April 2010
Volume 51, Issue 13
ARVO Annual Meeting Abstract  |   April 2010
Comparison of Health-Related and Vision-Related Quality of Life in a Low Vision Patient Sample
Author Affiliations & Notes
  • A. Malkin
    Ophthalmology, Johns Hopkins University, Baltimore, Maryland
  • J. Goldstein
    Ophthalmology, Johns Hopkins University, Baltimore, Maryland
  • R. W. Massof
    Ophthalmology, Johns Hopkins University, Baltimore, Maryland
  • Footnotes
    Commercial Relationships  A. Malkin, None; J. Goldstein, None; R.W. Massof, None.
  • Footnotes
    Support  MD22 Lions Vision Research Foundation and NIH Grant EY012045
Investigative Ophthalmology & Visual Science April 2010, Vol.51, 3247. doi:
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      A. Malkin, J. Goldstein, R. W. Massof; Comparison of Health-Related and Vision-Related Quality of Life in a Low Vision Patient Sample. Invest. Ophthalmol. Vis. Sci. 2010;51(13):3247.

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      © ARVO (1962-2015); The Authors (2016-present)

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Purpose: : This study investigates the relationships between vision and health in terms of previously validated health utility measures. Additionally, it compares patient-based and community-based evaluations of health state. It evaluates the role that comorbidities play in how low vision patients rate their quality of life. Understanding the relationship between health-related quality of life (HRQoL) and vision-related quality of life (VRQoL) will more accurately define the true utility of ophthalmologic and rehabilitative intervention.

Methods: : Telephone interviews of Wilmer low vision patients were conducted over 2 phone calls, separated by a minimum of one week. One phone call included vision-related surveys; the other included health-related surveys. The surveys used were the Time Trade Off (TTO) and Standard Gamble (SG) as they relate to both vision and health and the Euro-QoL 5D (EQ-5D). Chart review was completed to identify comorbidities, visual acuity, visual fields, contrast sensitivity and ocular diagnoses.

Results: : Utilities were measured in 38 low vision patients. The EQ-5DI is essentially constant for all patients surveyed with a mean of .77 and minimal variance from the mean (SD=0.12). In contrast, both the SG and TTO health utilities showed a broad distribution of responses. The EQ-5DI did not correlate with either the SG (r=0.16, p=0.17) or TTO (r=0.17, p=0.16). SG and TTO are moderately correlated with a bivariate regression line not significantly different from the identity line for both health (r=.66, m=.96, b=0.1) and vision (r=.45, m=1.15, b=-0.05). There are strong correlations when comparing SG vision to SG health (r= .77, m=.86, b=.18) and TTO vision to TTO health (r= .70, m=.72, b=.28).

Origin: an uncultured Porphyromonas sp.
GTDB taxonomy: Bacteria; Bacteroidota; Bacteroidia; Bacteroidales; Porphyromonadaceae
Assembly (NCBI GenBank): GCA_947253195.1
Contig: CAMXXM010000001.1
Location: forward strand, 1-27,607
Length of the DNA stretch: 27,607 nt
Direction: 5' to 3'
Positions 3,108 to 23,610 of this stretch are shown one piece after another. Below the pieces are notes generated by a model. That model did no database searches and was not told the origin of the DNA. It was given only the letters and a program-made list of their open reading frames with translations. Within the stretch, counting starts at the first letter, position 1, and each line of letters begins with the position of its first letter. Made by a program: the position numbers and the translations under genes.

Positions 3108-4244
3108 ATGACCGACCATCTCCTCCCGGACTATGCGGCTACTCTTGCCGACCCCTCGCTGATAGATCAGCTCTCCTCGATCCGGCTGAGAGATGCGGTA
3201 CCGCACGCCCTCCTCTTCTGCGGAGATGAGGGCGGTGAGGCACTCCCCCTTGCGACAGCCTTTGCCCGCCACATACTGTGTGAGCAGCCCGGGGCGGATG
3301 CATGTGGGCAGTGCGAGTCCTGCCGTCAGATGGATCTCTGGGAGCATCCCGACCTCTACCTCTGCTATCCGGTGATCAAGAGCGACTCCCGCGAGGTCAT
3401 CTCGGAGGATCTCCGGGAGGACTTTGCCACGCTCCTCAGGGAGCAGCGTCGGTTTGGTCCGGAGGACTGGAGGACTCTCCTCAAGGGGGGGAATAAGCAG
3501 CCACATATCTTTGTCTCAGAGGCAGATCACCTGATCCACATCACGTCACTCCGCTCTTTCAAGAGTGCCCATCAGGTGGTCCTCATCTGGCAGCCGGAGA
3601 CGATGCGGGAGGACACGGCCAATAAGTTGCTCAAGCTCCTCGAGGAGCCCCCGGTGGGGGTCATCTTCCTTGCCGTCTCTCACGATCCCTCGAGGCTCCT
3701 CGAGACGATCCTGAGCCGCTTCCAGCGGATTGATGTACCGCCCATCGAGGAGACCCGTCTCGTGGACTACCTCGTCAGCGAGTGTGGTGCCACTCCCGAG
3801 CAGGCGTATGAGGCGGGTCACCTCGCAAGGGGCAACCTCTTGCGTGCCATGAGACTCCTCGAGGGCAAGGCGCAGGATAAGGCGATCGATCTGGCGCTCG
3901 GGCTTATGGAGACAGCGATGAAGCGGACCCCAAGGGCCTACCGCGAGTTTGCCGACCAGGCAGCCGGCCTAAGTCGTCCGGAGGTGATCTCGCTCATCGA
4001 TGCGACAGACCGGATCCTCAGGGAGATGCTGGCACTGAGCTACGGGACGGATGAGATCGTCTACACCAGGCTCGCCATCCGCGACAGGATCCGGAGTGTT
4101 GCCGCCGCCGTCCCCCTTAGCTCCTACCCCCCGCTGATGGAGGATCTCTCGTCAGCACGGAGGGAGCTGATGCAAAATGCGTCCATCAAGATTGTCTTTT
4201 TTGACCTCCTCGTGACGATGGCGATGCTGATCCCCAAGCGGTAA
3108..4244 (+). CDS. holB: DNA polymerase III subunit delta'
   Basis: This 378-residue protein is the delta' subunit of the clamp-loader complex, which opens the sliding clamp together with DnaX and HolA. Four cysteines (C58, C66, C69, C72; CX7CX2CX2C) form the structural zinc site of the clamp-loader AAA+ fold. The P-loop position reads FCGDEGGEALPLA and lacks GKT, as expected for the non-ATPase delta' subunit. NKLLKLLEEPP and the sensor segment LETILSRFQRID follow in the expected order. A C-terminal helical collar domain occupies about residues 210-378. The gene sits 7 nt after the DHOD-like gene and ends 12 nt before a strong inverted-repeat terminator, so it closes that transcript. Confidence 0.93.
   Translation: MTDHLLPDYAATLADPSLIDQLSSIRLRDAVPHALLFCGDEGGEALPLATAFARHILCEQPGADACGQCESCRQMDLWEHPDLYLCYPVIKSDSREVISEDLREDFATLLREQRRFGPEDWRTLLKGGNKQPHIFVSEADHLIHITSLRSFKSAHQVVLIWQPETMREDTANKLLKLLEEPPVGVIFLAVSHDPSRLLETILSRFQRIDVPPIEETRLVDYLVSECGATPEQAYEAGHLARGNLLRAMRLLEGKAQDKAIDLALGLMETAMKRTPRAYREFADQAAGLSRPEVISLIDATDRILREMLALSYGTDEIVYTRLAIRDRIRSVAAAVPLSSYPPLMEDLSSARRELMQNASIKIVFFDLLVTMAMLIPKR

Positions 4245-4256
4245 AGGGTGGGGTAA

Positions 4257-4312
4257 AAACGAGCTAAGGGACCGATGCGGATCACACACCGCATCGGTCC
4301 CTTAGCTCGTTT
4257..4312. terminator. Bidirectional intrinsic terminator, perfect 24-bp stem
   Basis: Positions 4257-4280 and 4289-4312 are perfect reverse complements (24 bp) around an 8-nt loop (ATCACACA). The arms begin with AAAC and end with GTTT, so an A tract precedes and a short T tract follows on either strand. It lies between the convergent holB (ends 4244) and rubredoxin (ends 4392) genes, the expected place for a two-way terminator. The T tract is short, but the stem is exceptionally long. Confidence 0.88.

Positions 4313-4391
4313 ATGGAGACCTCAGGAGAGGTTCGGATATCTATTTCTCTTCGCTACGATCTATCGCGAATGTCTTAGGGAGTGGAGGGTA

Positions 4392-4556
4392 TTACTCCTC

Conclusions: : The data support the hypothesis that SG and TTO measure the same utility construct, both for vision and for overall health in low vision patients, but reliability of the estimates is weak. The results agree with previous studies that compared vision-specific and health utilities, in that health utilities are less than or equal to vision utilities. Utilities estimated from EQ-5D response show minimal variation in the low vision patient sample and, more important to the interpretation of these indices, do not correlate with either the TTO or SG health utility for low vision patients.

Keywords: quality of life • clinical (human) or epidemiologic studies: biostatistics/epidemiology methodology • low vision 

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